Stillbirth and Autopsy
Most of the time, when a pregnancy ends in stillbirth, patients aren't given any reason for the death of the infant. As a mother tries to come to terms with her tragedy, she'll imagine that there may have been some undetected virus that caused the baby's death, or maybe she'll assume there were genetic problems. But if she dares to ask why this happened, in general, she'll be addressing that question to her Higher Power.
However, sometimes the hospital does decide to perform an autopsy on a stillborn infant. This is done when miscarriage or stillbirth is recurrent and doctors want to help figure out what went wrong so they can prevent this from happening again in the future. A woman may be surprised to learn that an autopsy was performed, but in general, learning the results—the cause of death—yields a great deal of comfort and helps the mother move on in her grieving process.
The reason this knowledge so comforts the mourning mother is because at some level, she can't help but wonder if her baby's death was somehow her fault. Knowing the true cause of death relieves the woman's fear that she is culpable for the loss of her child. For this reason, it is unfortunate that autopsies are not performed very often. A mother is left with no real answers and is forced to imagine the worst.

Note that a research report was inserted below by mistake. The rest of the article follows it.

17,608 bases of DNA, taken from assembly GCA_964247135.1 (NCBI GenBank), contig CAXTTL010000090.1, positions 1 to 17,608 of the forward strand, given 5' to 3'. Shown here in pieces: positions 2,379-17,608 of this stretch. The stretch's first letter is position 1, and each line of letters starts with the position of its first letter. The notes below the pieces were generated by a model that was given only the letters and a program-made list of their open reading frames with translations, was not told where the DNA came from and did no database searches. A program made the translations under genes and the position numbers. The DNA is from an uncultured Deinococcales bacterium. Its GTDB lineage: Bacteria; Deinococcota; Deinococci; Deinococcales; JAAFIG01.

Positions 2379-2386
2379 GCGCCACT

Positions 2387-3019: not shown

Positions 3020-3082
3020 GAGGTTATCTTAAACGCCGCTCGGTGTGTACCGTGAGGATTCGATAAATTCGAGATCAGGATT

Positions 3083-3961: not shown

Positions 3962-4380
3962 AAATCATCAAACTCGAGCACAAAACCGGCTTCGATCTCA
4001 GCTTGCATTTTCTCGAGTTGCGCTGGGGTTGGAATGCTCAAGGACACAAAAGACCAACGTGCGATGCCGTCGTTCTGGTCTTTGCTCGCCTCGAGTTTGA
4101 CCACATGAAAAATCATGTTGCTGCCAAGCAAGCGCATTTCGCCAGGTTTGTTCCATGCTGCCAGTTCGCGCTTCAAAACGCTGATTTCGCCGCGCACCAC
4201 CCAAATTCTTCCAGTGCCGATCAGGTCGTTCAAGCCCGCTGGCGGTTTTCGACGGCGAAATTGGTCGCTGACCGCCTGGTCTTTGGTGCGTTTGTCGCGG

Now, a new study may help to change this state of affairs. University of Utah researchers have found that the cause of a stillbirth can be determined by autopsy eight times out of ten. The very idea that doctors have looked into the cause of death can help a couple to find closure. Furthermore, doctors may glean information in the course of such autopsies that can help them to prevent fetal deaths in future.
Robert Silver, who heads up the labor and delivery department at the University's hospital says, "If you do a thorough evaluation, you're more likely to find a cause."
Silver was one of the investigators for a study about causes of death in stillbirths. The study was done under the auspices of the National Institute of Child Health and Human Development. Silver has written up his preliminary findings in the American Journal of Obstetrics & Gynecology.
The Utah expert hopes the results of his study will persuade physicians across the nation to perform four tests on stillborn infants: autopsy, placental evaluation, karyotyping to check for chromosomal anomalies, and an examination for hemorrhaging. The problem lies in costs. Silver says that hospitals will pay for autopsies, but other tests will run from $1,000-$1,600 and may not be covered by insurance.
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